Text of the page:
With the majority of residence halls and facilities closed over spring break, many students who remained on campus were faced with the task of finding ways to stay busy while the majority of the student population enjoyed time elsewhere.
“We work with a very skeleton crew during break so I don’t see us changing what we offer on campus,” Assistant Director for Housing Services Cheryl Janus said.
The majority of students who stay on campus over break are athletes, Janus said.
“They’re going to practices, going to games and being with their teams,” she said.
Due to the lack of Resident Assistants on campus during break, Janus said there is little opportunity for programming during this time.
“The campus is pretty depressing over break. It’s so empty,” sophomore Claire Suellentrop said. “I think if Seton Hall could offer some simple activities, like showing movies in the Cove or something, the students who remain on campus wouldn’t feel like they’re stuck in a graveyard.”
Suellentrop said a flight home to Wichita, Kansas for a week would have been too expensive.
Instead, she spent her break doing homework and catching up with friends from home over the phone.
Some students who stayed on-campus over break were upset that the main and outer portions of the Cafeteria were closed.
“Being from Japan, I didn’t get to go home so I had to stay on campus,” sophomore and international student Izumi Namba said. “It didn’t bother me a lot to stay here over break but I wish the cafeteria had been open.”
Gourmet Dining Services Vice President of Operations Anthony Frungillo said GDS does what it can to meet the needs of students who do stay on campus during breaks. He said it would not be economical to keep the cafeteria open due to a lack of demand for meals throughout the day during break periods.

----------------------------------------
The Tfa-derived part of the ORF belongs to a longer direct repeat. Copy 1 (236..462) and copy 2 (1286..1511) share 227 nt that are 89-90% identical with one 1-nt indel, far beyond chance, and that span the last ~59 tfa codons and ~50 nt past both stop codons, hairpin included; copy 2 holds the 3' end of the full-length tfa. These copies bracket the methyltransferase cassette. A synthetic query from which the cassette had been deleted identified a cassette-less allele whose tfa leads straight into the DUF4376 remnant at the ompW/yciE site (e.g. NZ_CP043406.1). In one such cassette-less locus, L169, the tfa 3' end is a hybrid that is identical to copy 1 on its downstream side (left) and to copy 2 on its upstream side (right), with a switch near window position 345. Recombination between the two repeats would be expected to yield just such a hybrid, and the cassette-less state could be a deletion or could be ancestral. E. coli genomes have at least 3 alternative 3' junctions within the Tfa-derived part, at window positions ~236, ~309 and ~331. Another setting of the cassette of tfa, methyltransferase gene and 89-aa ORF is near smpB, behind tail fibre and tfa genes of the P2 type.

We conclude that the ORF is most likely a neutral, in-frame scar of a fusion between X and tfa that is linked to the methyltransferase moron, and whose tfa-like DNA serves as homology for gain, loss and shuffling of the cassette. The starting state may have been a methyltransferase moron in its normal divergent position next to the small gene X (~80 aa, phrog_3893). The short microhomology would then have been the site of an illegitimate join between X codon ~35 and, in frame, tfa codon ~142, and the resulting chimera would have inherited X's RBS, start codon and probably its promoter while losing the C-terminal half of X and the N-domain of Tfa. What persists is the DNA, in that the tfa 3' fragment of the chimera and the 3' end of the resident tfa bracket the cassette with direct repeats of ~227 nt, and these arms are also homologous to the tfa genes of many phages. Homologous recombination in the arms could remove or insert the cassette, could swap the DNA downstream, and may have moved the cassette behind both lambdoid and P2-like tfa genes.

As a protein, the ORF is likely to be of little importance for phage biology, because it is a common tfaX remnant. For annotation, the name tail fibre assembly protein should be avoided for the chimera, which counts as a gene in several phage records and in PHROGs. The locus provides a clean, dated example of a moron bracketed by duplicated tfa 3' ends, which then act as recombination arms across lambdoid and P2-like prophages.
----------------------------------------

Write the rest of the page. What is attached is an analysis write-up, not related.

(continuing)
“For spring break, we had Pirate’s Cove that was open.,” Frungillo said. “It’s all your regular panini sandwiches and items. We also offered alternate meal options in addition to the typical menu.”
Namba said she passed most of her time on campus over break studying and doing schoolwork. She also said she went to New York City a few times during the week.
Other students were satisfied with their stay on-campus during break.
“I decided to stay here over break because working hours came up and, like every college student, I’m pretty broke so I wanted to do it,” junior Katelyn Saporito, who works as a lifeguard at the Richie Regan Recreation and Athletic Center, said.
Saporito said that, overall, she was happy with what was offered on campus over break during the four days she stayed.
“I’m not going to be here for Easter but I would definitely be willing to stay again another break if an opportunity came up,” she said.
In addition to the Athletic Center, the Walsh Library also remained open during spring break.
The only residence halls open were Xavier Hall, Ora Manor and Turrell Manor. In order to stay in one of these residence halls, students were required to sign up for break housing.
The SHUfly Shuttle Service was also not available during spring break.
For the upcoming Easter Break, Seton Hall will adhere to the same policies and closings as Spring Break. GDS said they plan to close the cafeteria but keep the Pirate’s Cove open for student use as with spring break.
Alyana Alfaro can be reached at firstname.lastname@example.org.